* More from Driscoll…
Reporter: I understand this is a massive piece of legislation, but if there was one goal in passing recreational cannabis, what is it?
Cassidy: I’ve said this before. I want to pass the gold standard for cannabis legislation that the rest of the country can follow. That means a model that taxes at a level that allows the industry to grow, that allows patients and users access in a way that gets them into the legal markets, that creates an industry and allows an industry to grow that looks like the state of Illinois, that looks like communties we come from.
Lots more in that interview, including home-grow info, so click here.
* Can it pass?…
“This is a nearly 300 page pieces of legislation,” said Rep. Kelly Cassidy, D-Chicago, who has been working on the issue for more than two years. “We want to make sure we’ve dotted all of the “I’s” and crossed all of the “t’s”.
There are potential hang-ups as the bill works its way through the legislature. Rep. Martin Moylan, D-Des Plaines, is sponsoring a resolution co-signed by 59 other House members of both parties to slow down the process of legalization. Cassidy scoffs at the need to slow down the process.
“This has been the most deliberative process I’ve seen on anything this big,” Cassidy said. “Sen. (Heather) Steans and I have been working on this for over two years. Dozens of town halls, multiple public hearings, hundreds of stakeholder meetings. There’s nothing rushed about this.” […]
“I think in the House, (legalization) is going to garner serious opposition,” [Rep. Tim Butler, R-Springfield] said. “I think it is going to be very difficult to get 60 votes in the House right now.”
* Leader Harris disagrees…
House Majority Leader Gregory Harris of Chicago said he thinks a legalization bill has enough support to pass.
“I’m told it does. I’m not counting votes on it, understanding this is a topic where there can be strong opinions on both sides,” he said. “I think members are going to be very carefully taking the temperature of their district. But if you look around the country, this is where the trend is going.”
* And Rep. Moylan’s blatant insult of his colleagues isn’t doing his cause any good…
“The proponents are trying to pull a con game on the state of Illinois,” [Rep. Marty Moylan, D-Des Plaines] said Thursday. “I have almost more than 60 people who’ve signed on is because nobody else’s talking about what the harmful effects are.” Moylan said he’s been talking to nurses and law enforcement officials “on the ground” in states that have legalized recreational use to help gather information.
* Analysis: How legal recreational marijuana works in other states
|What Is The Credit Union Difference?
Tuesday, Apr 30, 2019 - Posted by Advertising Department
[The following is a paid advertisement.]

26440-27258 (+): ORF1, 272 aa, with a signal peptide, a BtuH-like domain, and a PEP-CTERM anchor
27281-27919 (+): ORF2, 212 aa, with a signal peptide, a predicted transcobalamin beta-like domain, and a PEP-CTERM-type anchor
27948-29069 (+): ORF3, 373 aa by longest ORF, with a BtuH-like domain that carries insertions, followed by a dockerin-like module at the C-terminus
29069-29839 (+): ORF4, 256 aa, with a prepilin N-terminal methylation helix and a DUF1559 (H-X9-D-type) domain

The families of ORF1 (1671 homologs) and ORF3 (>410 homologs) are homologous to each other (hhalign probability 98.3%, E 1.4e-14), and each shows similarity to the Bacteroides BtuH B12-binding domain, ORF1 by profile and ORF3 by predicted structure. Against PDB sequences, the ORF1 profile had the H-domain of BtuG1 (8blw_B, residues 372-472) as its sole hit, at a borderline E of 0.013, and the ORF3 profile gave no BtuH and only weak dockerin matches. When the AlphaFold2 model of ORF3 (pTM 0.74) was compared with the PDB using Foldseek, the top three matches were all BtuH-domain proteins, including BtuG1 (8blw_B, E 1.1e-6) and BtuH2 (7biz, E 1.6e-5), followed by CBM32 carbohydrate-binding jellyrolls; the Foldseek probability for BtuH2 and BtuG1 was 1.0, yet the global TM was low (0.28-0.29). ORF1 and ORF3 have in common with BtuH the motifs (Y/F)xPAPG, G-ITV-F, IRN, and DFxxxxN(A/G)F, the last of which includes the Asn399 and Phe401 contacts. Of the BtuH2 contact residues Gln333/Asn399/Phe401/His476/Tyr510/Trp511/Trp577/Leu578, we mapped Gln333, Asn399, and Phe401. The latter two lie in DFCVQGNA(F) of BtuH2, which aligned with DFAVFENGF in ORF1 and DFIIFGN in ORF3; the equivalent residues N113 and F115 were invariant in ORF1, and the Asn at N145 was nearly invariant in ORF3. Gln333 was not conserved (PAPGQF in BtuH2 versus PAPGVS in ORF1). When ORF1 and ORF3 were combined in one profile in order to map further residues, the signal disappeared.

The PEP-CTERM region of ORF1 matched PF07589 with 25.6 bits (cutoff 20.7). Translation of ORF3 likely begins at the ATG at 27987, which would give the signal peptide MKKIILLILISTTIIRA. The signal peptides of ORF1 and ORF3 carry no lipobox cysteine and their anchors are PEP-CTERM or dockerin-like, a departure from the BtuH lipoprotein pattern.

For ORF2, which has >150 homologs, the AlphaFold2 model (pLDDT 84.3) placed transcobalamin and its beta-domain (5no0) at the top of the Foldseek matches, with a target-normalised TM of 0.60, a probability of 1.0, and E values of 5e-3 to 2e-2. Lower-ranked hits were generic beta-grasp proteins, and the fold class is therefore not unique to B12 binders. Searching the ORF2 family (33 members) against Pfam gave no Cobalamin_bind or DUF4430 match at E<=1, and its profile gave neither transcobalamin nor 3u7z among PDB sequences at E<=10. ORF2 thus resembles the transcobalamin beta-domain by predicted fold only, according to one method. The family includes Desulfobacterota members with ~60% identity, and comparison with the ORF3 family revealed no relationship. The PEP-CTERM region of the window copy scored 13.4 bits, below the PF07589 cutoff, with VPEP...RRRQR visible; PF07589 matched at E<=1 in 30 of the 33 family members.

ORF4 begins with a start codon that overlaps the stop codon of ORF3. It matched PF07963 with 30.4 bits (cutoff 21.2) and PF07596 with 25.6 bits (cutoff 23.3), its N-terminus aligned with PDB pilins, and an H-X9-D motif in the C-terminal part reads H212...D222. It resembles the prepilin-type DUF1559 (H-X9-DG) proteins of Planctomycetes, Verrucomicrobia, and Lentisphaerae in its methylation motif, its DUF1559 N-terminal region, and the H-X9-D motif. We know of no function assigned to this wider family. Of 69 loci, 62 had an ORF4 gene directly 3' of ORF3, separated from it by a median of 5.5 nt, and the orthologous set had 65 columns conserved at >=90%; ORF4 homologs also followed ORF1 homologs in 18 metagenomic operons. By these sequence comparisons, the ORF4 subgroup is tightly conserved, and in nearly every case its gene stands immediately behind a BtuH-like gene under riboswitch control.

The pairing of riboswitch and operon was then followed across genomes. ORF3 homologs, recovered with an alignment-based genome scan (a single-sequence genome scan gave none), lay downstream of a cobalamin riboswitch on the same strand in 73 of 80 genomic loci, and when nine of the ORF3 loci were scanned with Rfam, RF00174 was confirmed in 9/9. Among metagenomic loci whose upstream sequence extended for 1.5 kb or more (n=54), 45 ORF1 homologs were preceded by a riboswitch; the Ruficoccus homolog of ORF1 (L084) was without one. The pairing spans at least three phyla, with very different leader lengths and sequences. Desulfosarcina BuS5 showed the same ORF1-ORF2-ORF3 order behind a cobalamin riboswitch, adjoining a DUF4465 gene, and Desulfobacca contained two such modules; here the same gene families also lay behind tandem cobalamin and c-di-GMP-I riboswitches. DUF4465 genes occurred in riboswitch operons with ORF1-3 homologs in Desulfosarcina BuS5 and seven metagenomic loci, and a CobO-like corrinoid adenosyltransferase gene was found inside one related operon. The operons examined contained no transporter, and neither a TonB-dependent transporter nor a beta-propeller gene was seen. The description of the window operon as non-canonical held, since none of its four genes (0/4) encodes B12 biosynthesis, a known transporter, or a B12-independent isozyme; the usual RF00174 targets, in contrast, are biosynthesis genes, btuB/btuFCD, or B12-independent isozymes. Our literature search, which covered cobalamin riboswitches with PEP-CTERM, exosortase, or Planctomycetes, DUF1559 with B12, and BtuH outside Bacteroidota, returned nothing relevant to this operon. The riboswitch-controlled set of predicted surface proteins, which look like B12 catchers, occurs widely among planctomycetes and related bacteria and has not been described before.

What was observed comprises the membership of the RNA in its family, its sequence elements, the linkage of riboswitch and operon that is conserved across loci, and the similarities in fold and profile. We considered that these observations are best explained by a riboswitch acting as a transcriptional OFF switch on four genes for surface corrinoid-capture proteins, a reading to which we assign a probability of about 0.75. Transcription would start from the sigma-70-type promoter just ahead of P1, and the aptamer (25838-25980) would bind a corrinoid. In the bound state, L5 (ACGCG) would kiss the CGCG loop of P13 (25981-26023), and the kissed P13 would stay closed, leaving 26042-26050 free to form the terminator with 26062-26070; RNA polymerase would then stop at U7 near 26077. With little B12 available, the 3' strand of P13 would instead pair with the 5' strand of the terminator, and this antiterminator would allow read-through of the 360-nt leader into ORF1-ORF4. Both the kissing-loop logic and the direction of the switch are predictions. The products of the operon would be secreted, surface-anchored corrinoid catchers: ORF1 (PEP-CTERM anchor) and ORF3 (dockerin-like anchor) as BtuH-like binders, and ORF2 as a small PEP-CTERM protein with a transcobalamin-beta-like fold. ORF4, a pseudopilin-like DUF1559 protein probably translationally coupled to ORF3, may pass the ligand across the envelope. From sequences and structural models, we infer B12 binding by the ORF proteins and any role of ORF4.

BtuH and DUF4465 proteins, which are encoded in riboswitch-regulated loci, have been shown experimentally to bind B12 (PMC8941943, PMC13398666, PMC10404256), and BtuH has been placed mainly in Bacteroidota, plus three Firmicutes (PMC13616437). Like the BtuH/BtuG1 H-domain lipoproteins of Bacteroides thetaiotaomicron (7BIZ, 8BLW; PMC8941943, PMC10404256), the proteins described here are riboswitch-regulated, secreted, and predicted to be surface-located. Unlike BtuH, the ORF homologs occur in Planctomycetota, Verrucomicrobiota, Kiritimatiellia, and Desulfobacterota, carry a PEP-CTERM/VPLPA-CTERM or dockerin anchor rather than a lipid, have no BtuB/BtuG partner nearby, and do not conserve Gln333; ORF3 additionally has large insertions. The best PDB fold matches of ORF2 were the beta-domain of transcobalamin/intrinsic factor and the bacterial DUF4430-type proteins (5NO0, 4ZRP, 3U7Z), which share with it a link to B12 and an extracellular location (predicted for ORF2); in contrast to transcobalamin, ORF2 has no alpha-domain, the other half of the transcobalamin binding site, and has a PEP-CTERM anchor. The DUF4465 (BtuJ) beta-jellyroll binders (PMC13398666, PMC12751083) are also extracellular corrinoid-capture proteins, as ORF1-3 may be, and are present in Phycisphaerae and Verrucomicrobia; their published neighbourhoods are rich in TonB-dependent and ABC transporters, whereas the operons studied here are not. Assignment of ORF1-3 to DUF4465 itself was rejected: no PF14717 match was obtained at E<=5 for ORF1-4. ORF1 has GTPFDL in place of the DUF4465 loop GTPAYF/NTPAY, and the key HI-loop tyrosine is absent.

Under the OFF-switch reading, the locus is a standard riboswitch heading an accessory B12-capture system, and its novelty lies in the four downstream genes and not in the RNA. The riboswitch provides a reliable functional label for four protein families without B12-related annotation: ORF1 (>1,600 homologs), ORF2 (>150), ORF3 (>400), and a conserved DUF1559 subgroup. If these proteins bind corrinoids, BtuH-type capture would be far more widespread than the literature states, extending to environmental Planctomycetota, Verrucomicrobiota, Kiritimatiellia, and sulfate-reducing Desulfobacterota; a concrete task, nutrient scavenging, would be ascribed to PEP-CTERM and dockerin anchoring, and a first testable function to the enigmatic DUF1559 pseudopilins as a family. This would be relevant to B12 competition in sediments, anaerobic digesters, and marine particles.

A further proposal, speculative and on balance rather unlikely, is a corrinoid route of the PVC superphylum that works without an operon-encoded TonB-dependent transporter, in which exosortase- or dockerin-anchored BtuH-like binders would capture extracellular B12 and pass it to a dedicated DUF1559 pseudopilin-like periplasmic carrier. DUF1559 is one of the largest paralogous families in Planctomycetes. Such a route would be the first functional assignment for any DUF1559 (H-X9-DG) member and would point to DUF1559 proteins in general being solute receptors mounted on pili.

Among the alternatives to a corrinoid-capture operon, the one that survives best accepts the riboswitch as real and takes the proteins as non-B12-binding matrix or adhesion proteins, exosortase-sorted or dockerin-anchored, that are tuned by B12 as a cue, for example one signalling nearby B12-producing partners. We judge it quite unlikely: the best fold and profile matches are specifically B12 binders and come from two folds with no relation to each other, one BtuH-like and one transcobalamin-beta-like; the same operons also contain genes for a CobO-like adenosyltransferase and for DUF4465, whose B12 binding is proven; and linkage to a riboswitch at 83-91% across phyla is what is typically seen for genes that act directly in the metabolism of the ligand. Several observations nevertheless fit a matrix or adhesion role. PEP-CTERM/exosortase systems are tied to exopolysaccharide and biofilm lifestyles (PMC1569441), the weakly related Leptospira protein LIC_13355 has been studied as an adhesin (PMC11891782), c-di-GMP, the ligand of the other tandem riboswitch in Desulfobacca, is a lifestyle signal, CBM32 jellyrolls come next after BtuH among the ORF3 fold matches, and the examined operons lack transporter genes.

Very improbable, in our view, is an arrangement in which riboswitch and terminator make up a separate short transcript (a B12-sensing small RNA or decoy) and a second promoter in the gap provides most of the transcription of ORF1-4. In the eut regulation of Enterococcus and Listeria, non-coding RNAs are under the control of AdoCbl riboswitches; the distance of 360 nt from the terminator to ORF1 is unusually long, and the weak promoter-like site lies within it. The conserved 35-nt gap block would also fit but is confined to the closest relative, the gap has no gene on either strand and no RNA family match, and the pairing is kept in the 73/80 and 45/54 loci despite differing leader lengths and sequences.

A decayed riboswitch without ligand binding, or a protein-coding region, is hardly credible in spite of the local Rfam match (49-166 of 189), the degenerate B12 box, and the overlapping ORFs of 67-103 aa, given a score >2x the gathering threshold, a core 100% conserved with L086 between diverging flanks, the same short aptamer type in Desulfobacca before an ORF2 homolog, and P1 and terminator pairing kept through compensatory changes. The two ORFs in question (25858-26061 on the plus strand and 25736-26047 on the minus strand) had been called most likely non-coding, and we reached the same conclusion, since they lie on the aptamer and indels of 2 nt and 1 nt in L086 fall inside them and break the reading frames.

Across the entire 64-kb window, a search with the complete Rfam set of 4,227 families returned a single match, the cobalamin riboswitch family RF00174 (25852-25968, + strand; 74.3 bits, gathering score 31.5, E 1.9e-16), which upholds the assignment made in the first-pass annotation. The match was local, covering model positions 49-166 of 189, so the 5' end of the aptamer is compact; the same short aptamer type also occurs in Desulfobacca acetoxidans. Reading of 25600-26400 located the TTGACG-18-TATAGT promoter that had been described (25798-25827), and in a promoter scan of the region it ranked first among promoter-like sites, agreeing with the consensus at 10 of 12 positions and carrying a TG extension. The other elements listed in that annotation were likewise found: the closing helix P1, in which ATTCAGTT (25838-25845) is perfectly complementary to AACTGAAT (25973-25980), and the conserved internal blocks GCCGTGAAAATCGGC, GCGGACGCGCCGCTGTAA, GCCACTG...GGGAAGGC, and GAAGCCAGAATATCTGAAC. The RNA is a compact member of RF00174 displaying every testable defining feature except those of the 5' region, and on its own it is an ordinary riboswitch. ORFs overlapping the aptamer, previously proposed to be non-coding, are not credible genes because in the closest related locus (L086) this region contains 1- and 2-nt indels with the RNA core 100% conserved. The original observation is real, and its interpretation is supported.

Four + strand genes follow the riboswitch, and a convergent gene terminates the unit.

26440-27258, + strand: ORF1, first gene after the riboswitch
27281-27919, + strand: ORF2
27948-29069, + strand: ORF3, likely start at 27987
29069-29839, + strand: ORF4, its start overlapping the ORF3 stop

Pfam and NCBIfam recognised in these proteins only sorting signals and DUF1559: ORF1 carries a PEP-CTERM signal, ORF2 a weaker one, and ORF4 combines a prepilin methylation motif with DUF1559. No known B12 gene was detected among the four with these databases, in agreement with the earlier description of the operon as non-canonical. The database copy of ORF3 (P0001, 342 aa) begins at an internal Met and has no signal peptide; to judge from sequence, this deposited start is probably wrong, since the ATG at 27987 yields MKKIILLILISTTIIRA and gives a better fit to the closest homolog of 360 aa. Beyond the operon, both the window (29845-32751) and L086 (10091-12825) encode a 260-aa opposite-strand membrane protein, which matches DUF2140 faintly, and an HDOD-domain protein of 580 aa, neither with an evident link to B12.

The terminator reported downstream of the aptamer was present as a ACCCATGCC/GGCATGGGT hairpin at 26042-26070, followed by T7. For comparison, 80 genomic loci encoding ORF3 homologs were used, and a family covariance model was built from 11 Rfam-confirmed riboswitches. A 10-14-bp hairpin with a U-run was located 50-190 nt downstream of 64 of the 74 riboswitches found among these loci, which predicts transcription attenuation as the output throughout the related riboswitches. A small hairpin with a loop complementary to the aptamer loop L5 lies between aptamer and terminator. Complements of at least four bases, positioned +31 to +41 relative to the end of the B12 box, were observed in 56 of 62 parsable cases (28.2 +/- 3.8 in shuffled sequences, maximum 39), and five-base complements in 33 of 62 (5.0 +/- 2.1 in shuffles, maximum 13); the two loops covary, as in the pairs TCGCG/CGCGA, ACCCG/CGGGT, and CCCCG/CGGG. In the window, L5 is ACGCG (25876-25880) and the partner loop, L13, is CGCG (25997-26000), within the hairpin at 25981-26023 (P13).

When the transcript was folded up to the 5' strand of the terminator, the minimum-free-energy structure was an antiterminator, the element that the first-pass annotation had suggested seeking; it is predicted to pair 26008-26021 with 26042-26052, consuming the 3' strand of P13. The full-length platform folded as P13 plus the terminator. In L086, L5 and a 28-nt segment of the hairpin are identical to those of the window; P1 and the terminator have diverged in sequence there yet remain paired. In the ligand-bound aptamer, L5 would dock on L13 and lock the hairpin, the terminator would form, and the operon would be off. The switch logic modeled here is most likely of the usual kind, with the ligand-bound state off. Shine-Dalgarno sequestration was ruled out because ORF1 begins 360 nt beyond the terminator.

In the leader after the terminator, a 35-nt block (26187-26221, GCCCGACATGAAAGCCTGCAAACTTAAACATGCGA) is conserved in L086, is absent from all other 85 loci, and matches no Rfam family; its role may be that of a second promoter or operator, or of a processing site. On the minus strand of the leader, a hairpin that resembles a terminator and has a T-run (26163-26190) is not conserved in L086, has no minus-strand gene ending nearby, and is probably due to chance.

It’s simple. Credit unions are member-owned, so any earnings are simply returned in the form of lower loan rates, higher interest on deposits and lower fees. Credit unions create a fair financial alternative for the taxpayers of Illinois. Credit unions are not-for-profit financial cooperatives that don’t focus on increasing revenue or paying dividends to outside stockholders. Illinois credit unions are focused on the member-owners we serve. Visit www.YourMoneyFurther.com to learn more about the benefits of credit union membership.
* As I told subscribers earlier today, this letter was sent to several legislators. The Illinois State Police has been notified…
The above letter was postmarked in Champaign.
And people wonder why I’ve been urging a calming of the rhetoric on this topic for years.
*** UPDATE 1 *** Oy…
*** UPDATE 2 ***
The IEA got one too The IEA president was only reacting to news of the letter. It didn’t receive one that we know about. The IEA did, indeed, receive one of those letters…
Kathi Griffin, president of the state’s largest teachers’ union, says she’s more concerned getting mental health services for the letter-writer than she is about her own safety.
“People who are well do not make threats like this. And I am hoping that nothing happens to anyone, and I’m hoping that we find whoever this person is, and I hope that we’re able to help them,” she says. “I feel confident that our police will find who is behind this, and I feel confident that this is someone who is acting solo, and I‘m going to be just fine.”
Earlier today, before learning about the letter, Griffin held a press conference to announce the results of a union-sponsored statewide survey. In an unplanned irony, the survey showed that 75 percent of Illinois residents want teachers to receive their full pension payment.
*** UPDATE 3 *** Finke…
The exact number of lawmakers who received the letter is unclear. Senate Democrats said they are aware of one member getting it. Senate Republicans said at least four members got it. Several House Republicans received it said spokesman Eleni Demertzis.